The upside of the miserably cool rainy June we have had here in the Northwest is that our greens and peas are thriving, (while the beans and tomatoes are shivering). Last night, I harvested a handful of Dwarf Syberian Kale, Orange Swiss Chard, and Chinese Mustard greens.
They all are young enough to braise lightly. First, I cubed thick slices of pancetta (Italian type of bacon, the best choice but ham or bacon will do) and fried them, taking the bits out when crispy and brown. Saving about 1 T. of bacon grease, I added the washed and loosely chopped greens, stiring to coat with the flavored oil. (Cool down the pan somewhat before adding water or you will get a spitting oil explosion) I added 1/2 cup of water and braised them for about 3 minutes (longer if your greens are tougher). I threw the greens on a platter with the pancetta, squeeze of lemon juice, and black pepper. It was refreshing to have such a simple dish. Usually I add garlic, onions, balsamic vinegar to the greens while braising, but I didn't want to overpower the tender and fresh flavor of the hand picked greens. The Chinese Mustard had a sharp peppery flavor while the Kale and Chard were sweet and mild. For a vegetarian version, substitute olive oil and sea salt with a dash of smoked spanish paprika for the salty pancetta.
I served this with creamy Polenta, faithfully stired over the stove for 30 minutes with a wooden spoon. I added maybe 2 cups of dried polenta to hot broth consisting of a tall carton of vegetarian broth and 1 can of evaporated milk, salt and pepper. I added garden fresh herbs of chopped rosemary and tarragon to the mixture, later adding chopped chives. Just before serving I melted gorgonzola into the mixture and topped with lavendar petals.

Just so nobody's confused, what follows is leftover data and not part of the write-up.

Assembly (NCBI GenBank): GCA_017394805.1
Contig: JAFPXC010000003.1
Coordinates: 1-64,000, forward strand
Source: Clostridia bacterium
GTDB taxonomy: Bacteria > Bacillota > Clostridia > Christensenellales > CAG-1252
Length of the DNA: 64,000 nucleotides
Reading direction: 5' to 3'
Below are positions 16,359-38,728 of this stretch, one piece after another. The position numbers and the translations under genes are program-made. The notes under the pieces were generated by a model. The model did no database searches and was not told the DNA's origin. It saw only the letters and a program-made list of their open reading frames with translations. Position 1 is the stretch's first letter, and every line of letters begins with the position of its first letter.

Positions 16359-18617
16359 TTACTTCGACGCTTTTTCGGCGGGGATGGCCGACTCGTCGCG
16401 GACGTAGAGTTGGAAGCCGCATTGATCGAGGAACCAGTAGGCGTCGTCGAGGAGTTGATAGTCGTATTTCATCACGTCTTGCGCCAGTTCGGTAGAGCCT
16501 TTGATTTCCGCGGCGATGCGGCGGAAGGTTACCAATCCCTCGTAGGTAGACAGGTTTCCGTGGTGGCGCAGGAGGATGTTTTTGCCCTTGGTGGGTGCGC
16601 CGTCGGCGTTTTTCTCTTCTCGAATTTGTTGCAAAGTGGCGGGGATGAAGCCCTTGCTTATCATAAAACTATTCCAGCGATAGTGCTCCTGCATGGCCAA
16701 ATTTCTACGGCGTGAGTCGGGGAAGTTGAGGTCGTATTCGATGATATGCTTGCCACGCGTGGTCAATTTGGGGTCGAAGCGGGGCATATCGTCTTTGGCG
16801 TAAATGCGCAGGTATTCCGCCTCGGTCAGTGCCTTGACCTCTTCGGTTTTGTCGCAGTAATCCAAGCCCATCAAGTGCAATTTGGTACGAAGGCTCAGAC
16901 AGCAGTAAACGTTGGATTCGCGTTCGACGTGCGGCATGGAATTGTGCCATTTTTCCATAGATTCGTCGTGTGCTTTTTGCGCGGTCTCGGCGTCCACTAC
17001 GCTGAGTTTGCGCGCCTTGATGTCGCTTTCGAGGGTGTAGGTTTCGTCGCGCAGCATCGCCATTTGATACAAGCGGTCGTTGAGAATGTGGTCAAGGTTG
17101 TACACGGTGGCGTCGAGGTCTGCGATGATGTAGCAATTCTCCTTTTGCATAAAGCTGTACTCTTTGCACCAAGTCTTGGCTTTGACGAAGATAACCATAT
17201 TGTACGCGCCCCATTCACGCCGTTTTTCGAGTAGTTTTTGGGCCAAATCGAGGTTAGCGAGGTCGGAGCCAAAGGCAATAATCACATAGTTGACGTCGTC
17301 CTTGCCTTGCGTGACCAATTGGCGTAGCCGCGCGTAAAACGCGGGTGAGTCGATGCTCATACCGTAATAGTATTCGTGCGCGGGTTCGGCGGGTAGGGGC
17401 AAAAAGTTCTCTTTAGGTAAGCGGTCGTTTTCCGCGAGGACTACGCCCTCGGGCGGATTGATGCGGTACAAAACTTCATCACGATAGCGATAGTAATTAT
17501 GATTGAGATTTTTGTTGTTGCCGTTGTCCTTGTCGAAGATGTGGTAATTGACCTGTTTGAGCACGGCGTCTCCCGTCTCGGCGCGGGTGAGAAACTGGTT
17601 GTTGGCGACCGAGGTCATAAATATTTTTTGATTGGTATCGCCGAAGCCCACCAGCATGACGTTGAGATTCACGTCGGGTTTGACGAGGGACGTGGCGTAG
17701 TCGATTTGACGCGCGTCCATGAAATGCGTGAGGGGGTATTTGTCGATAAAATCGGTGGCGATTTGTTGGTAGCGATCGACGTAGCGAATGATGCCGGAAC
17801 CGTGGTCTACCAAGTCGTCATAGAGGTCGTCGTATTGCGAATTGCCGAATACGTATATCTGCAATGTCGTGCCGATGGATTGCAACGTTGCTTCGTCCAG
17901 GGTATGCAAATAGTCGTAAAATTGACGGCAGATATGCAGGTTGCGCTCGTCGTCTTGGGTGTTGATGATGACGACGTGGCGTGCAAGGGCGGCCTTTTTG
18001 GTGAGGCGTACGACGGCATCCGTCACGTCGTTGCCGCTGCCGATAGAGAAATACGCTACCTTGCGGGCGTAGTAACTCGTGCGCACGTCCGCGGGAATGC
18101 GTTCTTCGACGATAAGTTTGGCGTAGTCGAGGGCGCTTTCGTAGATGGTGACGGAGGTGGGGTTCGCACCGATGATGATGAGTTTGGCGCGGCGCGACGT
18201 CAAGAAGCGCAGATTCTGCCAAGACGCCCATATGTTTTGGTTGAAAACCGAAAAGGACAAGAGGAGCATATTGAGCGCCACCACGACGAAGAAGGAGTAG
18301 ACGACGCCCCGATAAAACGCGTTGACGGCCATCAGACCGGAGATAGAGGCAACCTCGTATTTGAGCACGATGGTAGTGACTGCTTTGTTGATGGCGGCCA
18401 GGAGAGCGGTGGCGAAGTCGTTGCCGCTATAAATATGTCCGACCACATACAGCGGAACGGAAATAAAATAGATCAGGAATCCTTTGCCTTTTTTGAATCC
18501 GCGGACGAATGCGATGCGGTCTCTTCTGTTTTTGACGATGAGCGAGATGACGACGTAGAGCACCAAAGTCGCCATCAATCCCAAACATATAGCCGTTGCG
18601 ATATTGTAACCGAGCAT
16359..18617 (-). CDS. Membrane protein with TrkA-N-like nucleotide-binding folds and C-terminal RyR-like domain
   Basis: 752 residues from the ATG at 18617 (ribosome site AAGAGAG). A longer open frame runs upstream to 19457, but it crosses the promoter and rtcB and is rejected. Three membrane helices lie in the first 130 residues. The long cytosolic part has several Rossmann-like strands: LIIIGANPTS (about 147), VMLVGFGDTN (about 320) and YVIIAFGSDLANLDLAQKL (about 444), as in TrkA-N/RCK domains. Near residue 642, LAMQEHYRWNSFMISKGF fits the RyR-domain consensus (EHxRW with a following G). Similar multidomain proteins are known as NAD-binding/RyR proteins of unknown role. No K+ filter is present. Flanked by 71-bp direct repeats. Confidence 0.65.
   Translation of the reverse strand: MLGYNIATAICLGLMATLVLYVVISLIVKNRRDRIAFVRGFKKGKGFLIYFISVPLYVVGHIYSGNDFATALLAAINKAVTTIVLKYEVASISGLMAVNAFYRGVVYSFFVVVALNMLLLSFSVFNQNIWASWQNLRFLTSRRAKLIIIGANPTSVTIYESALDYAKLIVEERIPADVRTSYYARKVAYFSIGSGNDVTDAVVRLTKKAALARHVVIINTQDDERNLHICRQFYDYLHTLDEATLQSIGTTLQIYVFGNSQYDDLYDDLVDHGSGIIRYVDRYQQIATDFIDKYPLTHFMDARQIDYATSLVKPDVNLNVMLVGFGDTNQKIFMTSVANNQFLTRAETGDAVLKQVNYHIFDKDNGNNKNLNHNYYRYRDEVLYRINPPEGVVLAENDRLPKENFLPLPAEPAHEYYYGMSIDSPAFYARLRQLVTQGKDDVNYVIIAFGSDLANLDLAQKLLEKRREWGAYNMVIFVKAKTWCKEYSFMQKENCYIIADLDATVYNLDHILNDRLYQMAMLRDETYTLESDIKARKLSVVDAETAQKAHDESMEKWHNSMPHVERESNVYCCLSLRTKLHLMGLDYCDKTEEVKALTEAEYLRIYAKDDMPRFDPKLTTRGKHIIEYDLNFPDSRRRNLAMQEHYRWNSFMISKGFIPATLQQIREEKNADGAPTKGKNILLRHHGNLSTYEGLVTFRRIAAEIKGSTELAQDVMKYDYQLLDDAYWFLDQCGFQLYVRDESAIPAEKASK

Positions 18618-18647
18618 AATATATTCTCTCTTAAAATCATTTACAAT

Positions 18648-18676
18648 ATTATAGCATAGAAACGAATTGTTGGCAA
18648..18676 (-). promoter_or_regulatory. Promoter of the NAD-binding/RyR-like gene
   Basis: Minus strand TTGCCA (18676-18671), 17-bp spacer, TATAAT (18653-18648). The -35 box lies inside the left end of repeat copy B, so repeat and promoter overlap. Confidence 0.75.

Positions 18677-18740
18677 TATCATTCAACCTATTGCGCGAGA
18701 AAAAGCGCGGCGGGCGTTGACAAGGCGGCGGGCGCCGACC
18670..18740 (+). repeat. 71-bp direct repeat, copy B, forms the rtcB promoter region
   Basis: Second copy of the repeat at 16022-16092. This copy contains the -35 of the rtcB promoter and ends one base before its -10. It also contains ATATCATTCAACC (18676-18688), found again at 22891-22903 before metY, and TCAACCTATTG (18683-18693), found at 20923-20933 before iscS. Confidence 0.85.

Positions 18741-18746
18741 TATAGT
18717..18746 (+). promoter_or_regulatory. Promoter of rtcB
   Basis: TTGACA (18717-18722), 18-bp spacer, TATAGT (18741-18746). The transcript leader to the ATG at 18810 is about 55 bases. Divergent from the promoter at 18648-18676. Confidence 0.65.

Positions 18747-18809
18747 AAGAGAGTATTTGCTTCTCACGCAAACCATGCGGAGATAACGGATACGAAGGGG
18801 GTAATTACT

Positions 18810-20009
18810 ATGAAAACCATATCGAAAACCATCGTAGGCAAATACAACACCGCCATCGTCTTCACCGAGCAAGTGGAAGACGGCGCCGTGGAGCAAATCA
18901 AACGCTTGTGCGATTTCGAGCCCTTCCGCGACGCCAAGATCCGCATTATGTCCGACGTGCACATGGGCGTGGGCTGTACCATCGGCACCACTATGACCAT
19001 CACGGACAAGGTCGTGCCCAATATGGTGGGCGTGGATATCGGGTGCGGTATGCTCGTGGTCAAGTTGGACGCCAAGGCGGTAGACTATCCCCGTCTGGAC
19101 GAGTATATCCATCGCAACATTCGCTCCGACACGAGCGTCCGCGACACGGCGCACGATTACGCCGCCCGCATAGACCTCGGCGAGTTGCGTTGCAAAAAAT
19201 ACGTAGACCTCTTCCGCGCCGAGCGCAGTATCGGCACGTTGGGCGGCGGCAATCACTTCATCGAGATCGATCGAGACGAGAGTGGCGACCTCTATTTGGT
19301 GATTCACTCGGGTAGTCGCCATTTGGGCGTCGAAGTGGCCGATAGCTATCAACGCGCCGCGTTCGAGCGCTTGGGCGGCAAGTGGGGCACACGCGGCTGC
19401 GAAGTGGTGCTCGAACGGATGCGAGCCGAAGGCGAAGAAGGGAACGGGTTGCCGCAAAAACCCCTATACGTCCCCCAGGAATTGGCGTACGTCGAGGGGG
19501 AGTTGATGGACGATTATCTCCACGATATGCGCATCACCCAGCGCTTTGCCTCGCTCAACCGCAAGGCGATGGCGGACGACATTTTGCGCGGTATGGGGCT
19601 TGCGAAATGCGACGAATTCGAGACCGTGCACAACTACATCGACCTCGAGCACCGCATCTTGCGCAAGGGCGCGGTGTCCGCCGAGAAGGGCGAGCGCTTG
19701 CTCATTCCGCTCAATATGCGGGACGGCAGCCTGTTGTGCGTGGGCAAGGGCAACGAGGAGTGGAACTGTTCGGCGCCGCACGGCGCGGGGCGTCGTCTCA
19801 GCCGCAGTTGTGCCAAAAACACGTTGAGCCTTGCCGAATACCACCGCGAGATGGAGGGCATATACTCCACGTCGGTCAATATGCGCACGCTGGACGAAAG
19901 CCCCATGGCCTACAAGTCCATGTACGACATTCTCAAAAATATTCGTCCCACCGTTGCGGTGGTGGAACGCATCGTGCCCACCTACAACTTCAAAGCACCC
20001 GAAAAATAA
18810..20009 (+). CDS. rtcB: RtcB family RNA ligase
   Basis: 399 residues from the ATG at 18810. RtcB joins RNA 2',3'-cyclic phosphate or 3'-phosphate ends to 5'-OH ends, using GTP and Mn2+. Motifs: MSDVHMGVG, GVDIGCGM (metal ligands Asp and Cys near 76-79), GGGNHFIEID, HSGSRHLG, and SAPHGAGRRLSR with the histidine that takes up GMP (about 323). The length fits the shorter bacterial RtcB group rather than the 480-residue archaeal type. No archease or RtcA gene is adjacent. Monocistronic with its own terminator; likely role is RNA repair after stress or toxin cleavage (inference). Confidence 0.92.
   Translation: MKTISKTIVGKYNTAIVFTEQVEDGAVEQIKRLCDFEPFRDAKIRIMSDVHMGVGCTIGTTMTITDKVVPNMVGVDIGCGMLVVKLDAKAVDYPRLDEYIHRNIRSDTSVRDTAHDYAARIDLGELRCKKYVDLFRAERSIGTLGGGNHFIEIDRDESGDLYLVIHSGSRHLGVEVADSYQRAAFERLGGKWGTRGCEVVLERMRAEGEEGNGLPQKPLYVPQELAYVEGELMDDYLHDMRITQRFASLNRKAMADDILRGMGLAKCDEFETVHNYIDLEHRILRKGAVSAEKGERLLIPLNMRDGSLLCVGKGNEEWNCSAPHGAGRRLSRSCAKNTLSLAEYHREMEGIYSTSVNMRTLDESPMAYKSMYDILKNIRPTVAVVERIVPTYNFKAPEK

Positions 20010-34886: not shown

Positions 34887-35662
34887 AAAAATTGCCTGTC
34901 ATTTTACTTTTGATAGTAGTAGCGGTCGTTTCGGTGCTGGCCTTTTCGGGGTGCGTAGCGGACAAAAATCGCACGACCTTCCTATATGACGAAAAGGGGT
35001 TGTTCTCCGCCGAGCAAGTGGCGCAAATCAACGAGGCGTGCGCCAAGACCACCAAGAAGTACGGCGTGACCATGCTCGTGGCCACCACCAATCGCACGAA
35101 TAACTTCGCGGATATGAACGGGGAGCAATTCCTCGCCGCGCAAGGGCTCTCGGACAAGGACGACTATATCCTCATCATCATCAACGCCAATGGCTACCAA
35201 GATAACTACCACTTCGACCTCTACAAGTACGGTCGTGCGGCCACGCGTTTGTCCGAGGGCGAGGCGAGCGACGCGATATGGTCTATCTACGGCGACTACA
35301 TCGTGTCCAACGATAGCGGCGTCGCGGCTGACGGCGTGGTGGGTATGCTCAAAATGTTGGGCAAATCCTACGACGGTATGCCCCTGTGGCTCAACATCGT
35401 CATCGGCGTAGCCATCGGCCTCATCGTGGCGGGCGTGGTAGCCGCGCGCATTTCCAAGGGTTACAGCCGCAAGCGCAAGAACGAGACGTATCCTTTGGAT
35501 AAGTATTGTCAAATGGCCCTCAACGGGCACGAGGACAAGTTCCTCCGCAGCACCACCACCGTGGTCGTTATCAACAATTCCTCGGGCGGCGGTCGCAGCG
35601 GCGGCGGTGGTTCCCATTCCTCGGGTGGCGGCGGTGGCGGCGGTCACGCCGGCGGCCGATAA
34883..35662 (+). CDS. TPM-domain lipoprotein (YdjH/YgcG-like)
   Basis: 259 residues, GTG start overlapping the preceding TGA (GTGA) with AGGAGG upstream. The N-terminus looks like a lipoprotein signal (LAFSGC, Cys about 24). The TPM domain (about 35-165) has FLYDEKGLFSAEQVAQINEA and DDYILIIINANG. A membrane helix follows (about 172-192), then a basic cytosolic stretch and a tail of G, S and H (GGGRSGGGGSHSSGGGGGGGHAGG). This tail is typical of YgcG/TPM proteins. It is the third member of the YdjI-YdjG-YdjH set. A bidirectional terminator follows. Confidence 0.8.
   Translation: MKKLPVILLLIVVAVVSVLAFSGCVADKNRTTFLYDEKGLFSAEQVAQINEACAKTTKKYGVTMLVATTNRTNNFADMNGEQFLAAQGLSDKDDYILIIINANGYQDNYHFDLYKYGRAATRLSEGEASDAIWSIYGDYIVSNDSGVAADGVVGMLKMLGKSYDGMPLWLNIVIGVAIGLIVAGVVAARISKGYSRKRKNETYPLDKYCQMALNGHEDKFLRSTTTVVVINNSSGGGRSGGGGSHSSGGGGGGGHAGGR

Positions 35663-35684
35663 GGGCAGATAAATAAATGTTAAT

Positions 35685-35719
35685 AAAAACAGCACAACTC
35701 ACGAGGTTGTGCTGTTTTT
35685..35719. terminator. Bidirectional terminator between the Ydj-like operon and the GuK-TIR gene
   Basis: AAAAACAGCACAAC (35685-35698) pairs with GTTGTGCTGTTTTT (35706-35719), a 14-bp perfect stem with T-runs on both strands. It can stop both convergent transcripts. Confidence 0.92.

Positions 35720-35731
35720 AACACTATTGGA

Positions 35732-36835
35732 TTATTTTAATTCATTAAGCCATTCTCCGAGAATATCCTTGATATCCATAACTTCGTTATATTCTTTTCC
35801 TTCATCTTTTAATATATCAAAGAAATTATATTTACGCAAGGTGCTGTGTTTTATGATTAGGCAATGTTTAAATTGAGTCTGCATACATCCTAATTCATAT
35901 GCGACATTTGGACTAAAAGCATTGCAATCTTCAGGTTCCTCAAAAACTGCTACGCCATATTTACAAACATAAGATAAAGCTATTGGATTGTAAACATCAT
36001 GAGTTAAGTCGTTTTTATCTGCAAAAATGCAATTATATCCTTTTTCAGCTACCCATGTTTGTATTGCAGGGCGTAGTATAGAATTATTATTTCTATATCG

Is there something better than "perfect science" in the kitchen? How about the fun of improvisation. This totally experential type of cooking adapts to the moment. Every recipe is either created new or revised to better fit the moment. No recipe is ever the same twice because every day has different circumstances. Why should it be? Perhaps the moment is inspired by a basket of local food from the farmer's market. Perhaps it is adapting to the food needs and tastes of a friend. Maybe it is the romantic notion of seasonal food dishes. Other times it is a journey into another place and time. Instead of arm chair traveling, how about dinner table cultural odysseys? You do the best you can with the knowledge you have. And everyone has a good time.
If your goal is exotic cuisine, or simply rearranging the food at hand, this approach to food is fun. Cooking outside the book, the cookbook, this is the best!
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Isobel Davis is the author of this site and is responsible for all the creative content including images, writing and recipe inventions. She holds the copyrights to everything published on this site unless otherwise noted.